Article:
Fishing for Deposits

What benefit delivers “bites” with prospects and customers?

The need to attract deposits to fuel your bank’s loan operations is essential for a growing and profitable bank. Attracting and retaining deposits has followed a similar strategy across the banking landscape for many years. Banks attempt to “lure in” additional deposits with an attractive promotion, often in the form of a high interest rate that naturally eats into your net interest margin.

In the pool of potential customers, some will bite on your incentive. A high rate is likely to reel in deposits, but that has an impact on your margins, especially if the customer swims away after the promotion, leaving you with more costs than deposit liquidity. Truth be told, rate does not have to be the only fly in your box to attract customers. Let’s explore the fishing analogy a bit more—trust me, it’ll be worth it.

The Federal Reserve’s Survey of Consumer Finances in 2016 indicates 76 percent of families have at least $400 in liquid savings. Only 40% of families have liquid savings equivalent to at least three months of expenses. Many savers simply don’t have the balances to benefit from high-yield promotions. There are more prospects (fish) that are emerging savers than clients with large savings balances. And, these emerging savers may find benefits other than rate more appealing and motivating.

If you fly fish, you know that you use different flies based on the type of fish, time of day, casting conditions, water structure, and season. Emerging savers will often have varying goals for saving, and the incentive (like the trusty caddis) just simply may not be too motivating. For example, if your goal is saving for your next vacation, today’s highest yields will only make a minor dent in your savings goal. Airline miles, roadside assistance, entertainment coupons, and cash can be much flashier and more attractive to a saver, enticing them to firmly “bite” on your offer. Banks that leverage a price execution platform (PEP) can easily provide rewards that motivate savers, delivering a lot more tugs on the line. And, these benefits are often more affordable than the interest expense with a high-yield promotion. Like a well-equipped fly box with a colorful array of wet and dry flies, banks can introduce incentives by season to keep customers engaged. All good anglers know that you must test a few flies to see what works. Test, experiment, and see what rises with good presentation.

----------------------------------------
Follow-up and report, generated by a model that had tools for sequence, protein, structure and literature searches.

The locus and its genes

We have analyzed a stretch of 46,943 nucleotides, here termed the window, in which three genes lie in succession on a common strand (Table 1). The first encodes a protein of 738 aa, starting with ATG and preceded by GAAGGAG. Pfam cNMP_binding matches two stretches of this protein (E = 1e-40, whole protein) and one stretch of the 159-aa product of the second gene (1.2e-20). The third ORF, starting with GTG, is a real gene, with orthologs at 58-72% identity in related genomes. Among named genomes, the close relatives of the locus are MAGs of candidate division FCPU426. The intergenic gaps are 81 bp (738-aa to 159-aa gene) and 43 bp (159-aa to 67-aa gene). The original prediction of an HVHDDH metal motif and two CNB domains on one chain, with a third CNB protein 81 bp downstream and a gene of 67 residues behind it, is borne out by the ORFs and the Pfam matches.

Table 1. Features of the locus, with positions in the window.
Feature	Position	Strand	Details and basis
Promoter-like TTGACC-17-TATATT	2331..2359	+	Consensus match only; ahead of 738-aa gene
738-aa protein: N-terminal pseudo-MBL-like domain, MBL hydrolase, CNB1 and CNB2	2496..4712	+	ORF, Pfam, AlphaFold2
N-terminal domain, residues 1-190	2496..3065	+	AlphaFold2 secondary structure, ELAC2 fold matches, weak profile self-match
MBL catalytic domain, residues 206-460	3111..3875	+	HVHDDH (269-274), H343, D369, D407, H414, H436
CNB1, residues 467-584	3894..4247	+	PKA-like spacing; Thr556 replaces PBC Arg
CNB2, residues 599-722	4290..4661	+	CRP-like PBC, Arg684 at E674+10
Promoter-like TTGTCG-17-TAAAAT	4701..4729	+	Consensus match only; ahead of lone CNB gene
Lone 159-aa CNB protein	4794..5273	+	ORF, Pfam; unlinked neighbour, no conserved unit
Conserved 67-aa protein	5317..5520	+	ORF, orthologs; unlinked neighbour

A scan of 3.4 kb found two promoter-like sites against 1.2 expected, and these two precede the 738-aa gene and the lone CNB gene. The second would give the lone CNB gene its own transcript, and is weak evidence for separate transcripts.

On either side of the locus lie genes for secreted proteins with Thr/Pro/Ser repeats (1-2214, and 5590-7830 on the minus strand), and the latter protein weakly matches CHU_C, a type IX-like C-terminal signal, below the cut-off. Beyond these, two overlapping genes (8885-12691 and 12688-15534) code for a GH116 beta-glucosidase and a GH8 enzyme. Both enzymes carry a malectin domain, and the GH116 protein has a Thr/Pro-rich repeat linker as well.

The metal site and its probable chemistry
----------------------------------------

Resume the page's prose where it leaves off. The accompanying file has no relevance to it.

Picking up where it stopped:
Traditional banking-reward models are no longer enough of an incentive to lure the customer of today. Ilich Martinez, CEO of Camino Ventures and former Bank of America Executive said, “With today’s market conditions, banks are not capable of using interest rates as a sole attractor or differentiator. There is evidence that shows that customers have never been more comfortable moving their financial relationship from one bank to another than they are today. We will begin to see an emergence of pioneer banks that will provide rewards to customers in non-traditional and personalized ways. Those who do so successfully will thrive in today’s competitive and largely commoditized banking landscape.” 

Imagine a future where your bank staff is bursting with excitement regarding a new reward. Can you hear the stories and possibly a few (mostly true) “fish tales” now?  Increasingly important, these programs are designed to help customers reach their financial goals. You become a trusted partner on the customer’s journey toward optimal financial health. It’s a win-win venture—the results drive growing balances and satisfied customers, without reducing the interest margin to your deposit portfolio. As for our catch-and-release fly fishing, the angler gets the immense satisfaction of catching and releasing a beautiful fish, while the fish gets a little wiser and even more (maddeningly) elusive. With the right strategy, your customers need not be so hard to attract.

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